Johnstone, a member of the Quinault Indian Nation who lives in Taholah, earned this recognition because of his leadership in educating the public about climate change’s impacts and readying Indian Country to deal with its consequences.
“This award is well-deserved recognition of Ed’s national leadership in addressing the impact of climate change on Indian Country,” said Cantwell, the Chairwoman of the Senate Committee on Indian Affairs. “From the first treaties with Indian Nations, the federal government has acknowledged that Native people are the stewards of our land. Ed has continued this proud tradition, bringing together hundreds of coastal Tribal leaders and climate change experts for the inaugural First Stewards climate change symposium last year in Washington, D.C.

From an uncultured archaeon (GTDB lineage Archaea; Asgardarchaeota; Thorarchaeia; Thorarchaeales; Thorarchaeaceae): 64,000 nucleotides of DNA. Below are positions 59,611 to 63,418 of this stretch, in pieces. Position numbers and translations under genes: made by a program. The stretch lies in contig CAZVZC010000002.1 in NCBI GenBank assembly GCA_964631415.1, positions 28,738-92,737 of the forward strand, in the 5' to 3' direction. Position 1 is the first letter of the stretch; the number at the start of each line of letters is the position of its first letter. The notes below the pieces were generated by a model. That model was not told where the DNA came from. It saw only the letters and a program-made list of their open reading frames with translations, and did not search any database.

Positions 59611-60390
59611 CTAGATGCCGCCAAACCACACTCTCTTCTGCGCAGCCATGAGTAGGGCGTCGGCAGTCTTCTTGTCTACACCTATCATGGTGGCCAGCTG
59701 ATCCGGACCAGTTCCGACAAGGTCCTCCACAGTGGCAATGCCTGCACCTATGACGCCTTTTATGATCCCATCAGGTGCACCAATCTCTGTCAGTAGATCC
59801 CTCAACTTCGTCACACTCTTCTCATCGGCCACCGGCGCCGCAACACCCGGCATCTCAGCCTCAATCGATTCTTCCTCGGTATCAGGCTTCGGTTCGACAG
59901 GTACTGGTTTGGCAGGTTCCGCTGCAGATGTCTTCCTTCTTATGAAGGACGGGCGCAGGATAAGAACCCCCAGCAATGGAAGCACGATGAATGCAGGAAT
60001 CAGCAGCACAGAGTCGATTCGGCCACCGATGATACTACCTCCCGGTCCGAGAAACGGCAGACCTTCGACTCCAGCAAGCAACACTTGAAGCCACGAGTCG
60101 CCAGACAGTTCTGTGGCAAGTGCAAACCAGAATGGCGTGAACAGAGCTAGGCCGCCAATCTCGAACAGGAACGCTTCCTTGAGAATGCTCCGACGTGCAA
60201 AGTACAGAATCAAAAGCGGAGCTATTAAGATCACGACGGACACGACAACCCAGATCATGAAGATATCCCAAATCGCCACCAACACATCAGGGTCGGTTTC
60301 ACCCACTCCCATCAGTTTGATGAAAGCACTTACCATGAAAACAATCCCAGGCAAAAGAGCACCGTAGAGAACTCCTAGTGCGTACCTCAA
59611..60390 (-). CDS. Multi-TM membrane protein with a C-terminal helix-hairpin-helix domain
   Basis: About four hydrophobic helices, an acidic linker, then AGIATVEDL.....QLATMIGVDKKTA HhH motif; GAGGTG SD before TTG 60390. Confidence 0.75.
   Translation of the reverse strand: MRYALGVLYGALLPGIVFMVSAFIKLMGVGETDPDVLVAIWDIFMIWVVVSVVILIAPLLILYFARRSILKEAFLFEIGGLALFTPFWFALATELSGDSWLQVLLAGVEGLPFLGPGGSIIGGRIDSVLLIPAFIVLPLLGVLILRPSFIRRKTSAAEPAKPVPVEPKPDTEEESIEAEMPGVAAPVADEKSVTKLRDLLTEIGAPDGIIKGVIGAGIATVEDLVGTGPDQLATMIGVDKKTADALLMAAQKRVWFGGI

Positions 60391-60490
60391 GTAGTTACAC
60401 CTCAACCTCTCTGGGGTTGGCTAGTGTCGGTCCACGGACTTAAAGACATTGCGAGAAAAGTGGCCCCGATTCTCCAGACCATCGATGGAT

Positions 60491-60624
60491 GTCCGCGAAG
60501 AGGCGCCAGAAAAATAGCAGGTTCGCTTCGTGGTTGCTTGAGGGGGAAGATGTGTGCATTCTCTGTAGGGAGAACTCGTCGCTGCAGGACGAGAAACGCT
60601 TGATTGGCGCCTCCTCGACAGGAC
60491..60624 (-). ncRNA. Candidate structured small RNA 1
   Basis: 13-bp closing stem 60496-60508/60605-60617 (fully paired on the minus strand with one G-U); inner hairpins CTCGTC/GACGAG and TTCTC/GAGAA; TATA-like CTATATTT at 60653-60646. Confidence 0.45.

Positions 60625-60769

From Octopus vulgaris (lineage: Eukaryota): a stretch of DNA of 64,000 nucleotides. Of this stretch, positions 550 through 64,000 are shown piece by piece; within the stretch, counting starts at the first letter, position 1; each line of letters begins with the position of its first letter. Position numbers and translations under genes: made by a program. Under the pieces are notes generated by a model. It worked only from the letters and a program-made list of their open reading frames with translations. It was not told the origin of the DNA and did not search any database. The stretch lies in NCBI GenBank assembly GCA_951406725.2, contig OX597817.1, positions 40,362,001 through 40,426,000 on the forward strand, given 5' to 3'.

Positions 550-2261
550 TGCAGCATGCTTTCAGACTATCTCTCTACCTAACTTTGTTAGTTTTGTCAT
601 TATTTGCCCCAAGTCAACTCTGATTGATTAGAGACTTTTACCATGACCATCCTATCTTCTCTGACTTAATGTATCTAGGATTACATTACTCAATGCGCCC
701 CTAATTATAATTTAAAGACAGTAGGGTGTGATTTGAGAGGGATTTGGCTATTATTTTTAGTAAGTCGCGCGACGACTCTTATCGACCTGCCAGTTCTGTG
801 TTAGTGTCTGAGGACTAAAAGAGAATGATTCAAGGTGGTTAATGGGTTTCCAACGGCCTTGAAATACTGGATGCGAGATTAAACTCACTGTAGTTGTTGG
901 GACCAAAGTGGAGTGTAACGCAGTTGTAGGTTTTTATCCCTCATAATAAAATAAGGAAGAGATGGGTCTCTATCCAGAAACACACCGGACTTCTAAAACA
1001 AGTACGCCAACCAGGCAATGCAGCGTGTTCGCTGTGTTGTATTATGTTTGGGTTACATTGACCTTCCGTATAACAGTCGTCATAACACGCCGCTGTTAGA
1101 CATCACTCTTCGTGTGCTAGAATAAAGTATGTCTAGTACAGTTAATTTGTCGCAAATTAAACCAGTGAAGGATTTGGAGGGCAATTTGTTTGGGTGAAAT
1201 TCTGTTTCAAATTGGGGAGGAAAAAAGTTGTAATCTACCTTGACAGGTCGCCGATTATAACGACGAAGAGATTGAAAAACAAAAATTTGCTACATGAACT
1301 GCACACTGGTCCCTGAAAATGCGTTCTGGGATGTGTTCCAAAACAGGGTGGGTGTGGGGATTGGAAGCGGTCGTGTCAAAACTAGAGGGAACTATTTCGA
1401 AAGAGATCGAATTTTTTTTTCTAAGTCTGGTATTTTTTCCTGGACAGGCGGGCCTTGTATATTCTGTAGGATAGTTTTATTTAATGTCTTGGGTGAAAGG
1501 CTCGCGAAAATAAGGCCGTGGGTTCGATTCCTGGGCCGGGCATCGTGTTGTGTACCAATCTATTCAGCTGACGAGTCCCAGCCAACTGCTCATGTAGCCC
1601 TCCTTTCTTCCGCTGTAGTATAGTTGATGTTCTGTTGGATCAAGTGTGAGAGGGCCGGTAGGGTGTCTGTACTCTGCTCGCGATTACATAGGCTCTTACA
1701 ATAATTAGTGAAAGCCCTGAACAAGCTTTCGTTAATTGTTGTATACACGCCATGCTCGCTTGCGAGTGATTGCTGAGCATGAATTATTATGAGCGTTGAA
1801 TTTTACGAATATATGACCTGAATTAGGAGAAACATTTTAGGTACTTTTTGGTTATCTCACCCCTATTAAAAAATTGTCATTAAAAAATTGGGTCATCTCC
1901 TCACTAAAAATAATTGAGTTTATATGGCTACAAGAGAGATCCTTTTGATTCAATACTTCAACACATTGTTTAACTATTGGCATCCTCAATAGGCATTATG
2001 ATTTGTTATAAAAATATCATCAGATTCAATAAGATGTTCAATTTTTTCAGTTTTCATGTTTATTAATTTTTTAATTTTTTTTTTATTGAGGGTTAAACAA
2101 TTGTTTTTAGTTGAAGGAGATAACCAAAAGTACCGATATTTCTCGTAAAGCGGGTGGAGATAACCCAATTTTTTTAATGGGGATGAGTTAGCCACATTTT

“I was honored to speak at the symposium and have been proud to work with Ed over the years on fisheries and climate issues in the Northwest. I congratulate Ed on this significant honor and look forward to working with him in the future on these critical issues for our coastal Tribes and all of Washington State.”
The Champions of Change program is part of President Obama’s “Winning the Future” initiative, which spotlights the extraordinary work that Americans do every day to improve their communities. Each week, the White House names new Champions of Change and invites them to the White House to share their ideas for bettering communities around the country.